6 Preventing Factors Against Worldwide Wom-education

In September 2000, the United Nations hosted a summit outlining the millennium goals to further promote world peace and universal equality. Among those goals were the desire to achieve universal primary education, the promotion of gender equality and female empowerment, and the reduction of child mortality. And yet, according to UNESCO, of the 774 million illiterate people in the world, two-thirds are still female. Almost a quarter of young woman aged 15-24 (116 million) in developing countries have never completed primary school. Countries like Somalia have rates as high as 95% of poor females who have never been to school (see graphic below).

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Graphic: World Education Blog

Why is it so hard for young girls to gain access to schools?

Plan International has identified the six predominant reasons.

  1. Cost of Education

When factoring in the cost of uniforms, textbooks, and bus fare, parents living in poverty can only afford to send one child to school. Given the choice between a boy and a girl, most parents choose the boy in the hopes that they will help raise the family’s economic status.

2. Distance from School

Some schools are a four to five hour walk away from the community. Due to the threat of female violence, many parents fear the worst when their daughters are alone outside for an extended period of time. According to Equality Now, at least 20.9 million adults and children are bought and sold worldwide into commercial sexual servitude or forced/bonded labor. The mere act of walking unattended to school could put a young girl at risk for kidnapping and sex trafficking.

  1. Violence at school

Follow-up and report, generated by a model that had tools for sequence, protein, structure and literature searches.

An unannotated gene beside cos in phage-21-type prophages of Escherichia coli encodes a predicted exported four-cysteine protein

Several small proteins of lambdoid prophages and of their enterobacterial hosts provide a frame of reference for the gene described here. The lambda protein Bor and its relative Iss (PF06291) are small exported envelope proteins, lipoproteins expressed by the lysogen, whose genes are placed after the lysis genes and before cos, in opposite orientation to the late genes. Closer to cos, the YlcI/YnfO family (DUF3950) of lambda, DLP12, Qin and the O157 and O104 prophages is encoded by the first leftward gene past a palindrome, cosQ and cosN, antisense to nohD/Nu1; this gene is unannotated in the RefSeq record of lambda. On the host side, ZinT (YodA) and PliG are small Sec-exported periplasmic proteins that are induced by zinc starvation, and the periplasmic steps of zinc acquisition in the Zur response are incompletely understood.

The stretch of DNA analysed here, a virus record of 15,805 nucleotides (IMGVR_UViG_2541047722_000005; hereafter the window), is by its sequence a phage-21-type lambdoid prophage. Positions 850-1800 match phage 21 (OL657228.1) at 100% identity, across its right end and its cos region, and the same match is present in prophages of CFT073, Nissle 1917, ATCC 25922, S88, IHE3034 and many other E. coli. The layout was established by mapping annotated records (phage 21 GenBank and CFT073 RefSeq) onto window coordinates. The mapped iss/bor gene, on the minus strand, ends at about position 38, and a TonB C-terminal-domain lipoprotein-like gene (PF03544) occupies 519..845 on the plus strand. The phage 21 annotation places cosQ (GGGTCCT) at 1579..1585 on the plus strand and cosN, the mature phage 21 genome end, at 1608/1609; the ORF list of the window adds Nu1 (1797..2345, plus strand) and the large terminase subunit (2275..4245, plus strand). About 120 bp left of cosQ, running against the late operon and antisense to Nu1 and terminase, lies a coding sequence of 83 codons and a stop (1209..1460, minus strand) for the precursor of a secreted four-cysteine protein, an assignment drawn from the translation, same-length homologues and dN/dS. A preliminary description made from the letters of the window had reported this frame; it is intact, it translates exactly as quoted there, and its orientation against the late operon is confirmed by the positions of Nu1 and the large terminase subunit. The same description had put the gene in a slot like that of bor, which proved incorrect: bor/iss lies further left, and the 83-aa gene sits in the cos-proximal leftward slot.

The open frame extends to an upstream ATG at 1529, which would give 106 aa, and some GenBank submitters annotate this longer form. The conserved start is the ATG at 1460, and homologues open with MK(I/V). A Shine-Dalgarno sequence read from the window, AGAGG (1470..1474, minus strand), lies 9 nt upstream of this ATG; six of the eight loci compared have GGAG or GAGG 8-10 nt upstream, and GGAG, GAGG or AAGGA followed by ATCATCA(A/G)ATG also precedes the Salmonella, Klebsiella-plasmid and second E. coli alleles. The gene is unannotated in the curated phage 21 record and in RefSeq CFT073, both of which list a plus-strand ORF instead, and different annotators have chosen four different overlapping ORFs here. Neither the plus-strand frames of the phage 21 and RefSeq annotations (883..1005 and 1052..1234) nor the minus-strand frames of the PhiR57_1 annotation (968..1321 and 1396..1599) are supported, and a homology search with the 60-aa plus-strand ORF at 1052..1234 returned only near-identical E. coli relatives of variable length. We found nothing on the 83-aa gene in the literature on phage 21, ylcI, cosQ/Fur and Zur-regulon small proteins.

The Because I am a Girl report in 2013, claims that nearly half of all sexual assaults in schools occur against girls under 16 years old…sometimes even as young as six. This tends to occur more so in countries where girls are discouraged from attending schools. 

  1. Gender norms

Societal norms often demand that females remain at home in order to keep the domestic life running smoothly. Society also praises women with domestic knowledge over women with academic knowledge. When men look for brides in third world countries, they prefer more submissive and less questioning women.

  1. Poverty

Young girls cannot take the time to be educated when there isn’t even enough money to feed them. Nearly ½ of the world’s population lives on less than $2.50 a day and ¼ live in extreme poverty (meaning less than $1.25 a day).

  1. High rates of early marriage and pregnancy.

Girls who are forced to marry young are often pulled out of school at a very early age to run the house and raise children, even though they are children themselves. The demand for young brides prevents these women from getting an education, since they are removed from schools at a young age.


The Positive Effects of Female Education


  1. Reduction of Maternal Deaths

According to UNESCO, “If all mothers completed primary education, maternal deaths would be reduced by two-thirds, saving 98,000 lives”. UNESCO also states “if all women had a secondary education, child deaths would be cut in half, saving 3 million lives”.

  1. Decrease of High Risk Birth Rates

Around 60% fewer girls would become pregnant under 17 years in sub-Saharan Africa and South and West Asia with secondary education. Additionally, the number of births in sub-Saharan Africa would change from 6.7 births to 5.8 for girls with primary education and 3.9 for women with secondary education.

  1. Lower Infant Mortality Rate

Higher education leads to later marriage and pregnancy, creating a more stable environment to have and raise a child. Scientific American has attributed female education as the single leading factor in reducing rate of death for children under the age of five.


Female education is a fundamental right that must be given to girls across the world. The social, economic, and health benefits alone should make it a high priority cause around the world. Support girls worldwide today. What are you doing to help break the cycle?






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